DR. GOTTLIEB: Well, look, I think a lot of the sacrifices we've made, and Americans have made substantial sacrifices over the last year, the things that we've asked people to do as public health officials were based on mutual consent, that people understood we were doing these things to try to protect the public. But as the situation improved, we were going to pull them back. And I think oftentimes a mistake we make is that we're quicker to implement these precautions than we are to lift them, because we're worried that once we lift them, we won't be able to reimplement them. I think we need to lean more aggressively forward and look at ways to try to relax some of the provisions that don't really make as much sense anymore. And probably the ones that we should be looking at the hardest are things done outside. I think we should be thinking about lifting mask- mask ordinances outside. I think we should be thinking about lifting limits on gatherings outside and trying to encourage people to go outside now that the weather is warming, take more activities outside in the face of declining risk overall. Again, I think that these declines we're seeing are really locked in at this point. So I don't think we need to be as worried that as we take our foot off the brake, things are going to surge again. People by and large, are engaging in a lot of activity. B.1.1.7  is epidemic across the country and we're still not seeing big surges. And that's a good indication.

JOHN DICKERSON: Can you give me your thoughts on vaccine hesitancy? There are concerns. How concerned are you about those who don't want to get the vaccine, including the second shot some people aren't doing? How concerned are you and what do you think can be done?

DR. GOTTLIEB: Yes, I- I think we need to break this down a little bit more. There are people who are clearly vaccine hesitant, people who, you know, are skeptical of vaccines, worry about the safety of vaccines. I think some portion of those people we can reach with better education in getting the vaccines into hands of people that they trust, like their local physicians, to try to encourage them to get vaccinated. But I think that there's also a large group of people for whom getting a vaccine still isn't convenient, people who work all day take care of families at night. For those individuals, we need to create more 24/7 vaccination sites. We need to guarantee them they're not going to wait more than 10 minutes when they go to get vaccinated. We need to encourage businesses to give people time off to get vaccinated. And then there is just softer demand. There's marginal customers like there are for any other product. There's people who say, you know, I'll get vaccinated, but they're not as anxious to get vaccinated as those 65 and 70-year-olds who lined up back in January. And for those individuals, we need to market it more aggressively to them. We need to put vaccines in the hands of pharmacies that know how to market health care products to individuals, maybe pay pharmacies a little more over the next couple of months, give them an extra $20 bonus to get people vaccinated, do things to try to create incentives in the market to get more information out to those marginal customers. We will get more people vaccinated, but the rate of vaccination is going to slow. That's not a bad thing. We just need to recognize it.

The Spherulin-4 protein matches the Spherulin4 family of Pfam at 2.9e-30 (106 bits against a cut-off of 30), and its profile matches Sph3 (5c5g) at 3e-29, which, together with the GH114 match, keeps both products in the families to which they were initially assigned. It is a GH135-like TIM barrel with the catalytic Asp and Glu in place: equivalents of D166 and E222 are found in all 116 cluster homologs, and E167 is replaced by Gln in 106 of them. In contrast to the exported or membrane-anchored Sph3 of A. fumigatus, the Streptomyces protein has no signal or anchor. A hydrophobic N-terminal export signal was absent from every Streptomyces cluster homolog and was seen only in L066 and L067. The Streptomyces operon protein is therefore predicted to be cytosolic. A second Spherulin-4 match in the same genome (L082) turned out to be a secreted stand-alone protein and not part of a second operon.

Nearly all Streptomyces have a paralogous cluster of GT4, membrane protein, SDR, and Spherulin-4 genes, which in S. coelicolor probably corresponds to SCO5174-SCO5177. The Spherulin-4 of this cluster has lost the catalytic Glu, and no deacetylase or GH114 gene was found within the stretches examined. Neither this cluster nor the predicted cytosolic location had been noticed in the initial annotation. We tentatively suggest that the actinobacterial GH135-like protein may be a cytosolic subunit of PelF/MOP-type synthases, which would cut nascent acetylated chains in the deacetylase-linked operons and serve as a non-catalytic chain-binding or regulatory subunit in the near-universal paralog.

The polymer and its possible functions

JOHN DICKERSON: 20 seconds left. Your view on stopping the pause on the Johnson & Johnson vaccination.

DR. GOTTLIEB: Well, look, they- they- I think they should have stopped the pause in the Johnson & Johnson vaccination based on what we know. This is a safe and effective vaccine. It has a place in public health right now. They paused it to try to see if there was going to be more cases that surfaced. They surfaced some additional cases, but not a lot. I think the risk-benefit of this vaccine looks favorable.

JOHN DICKERSON: All right, Dr. Gottlieb, sorry to cut you off. We're out of time. Thanks so much. And we'll be back in a moment.

View CBS News In
CBS News App Open
Chrome Safari Continue
Be the first to know
Get browser notifications for breaking news, live events, and exclusive reporting.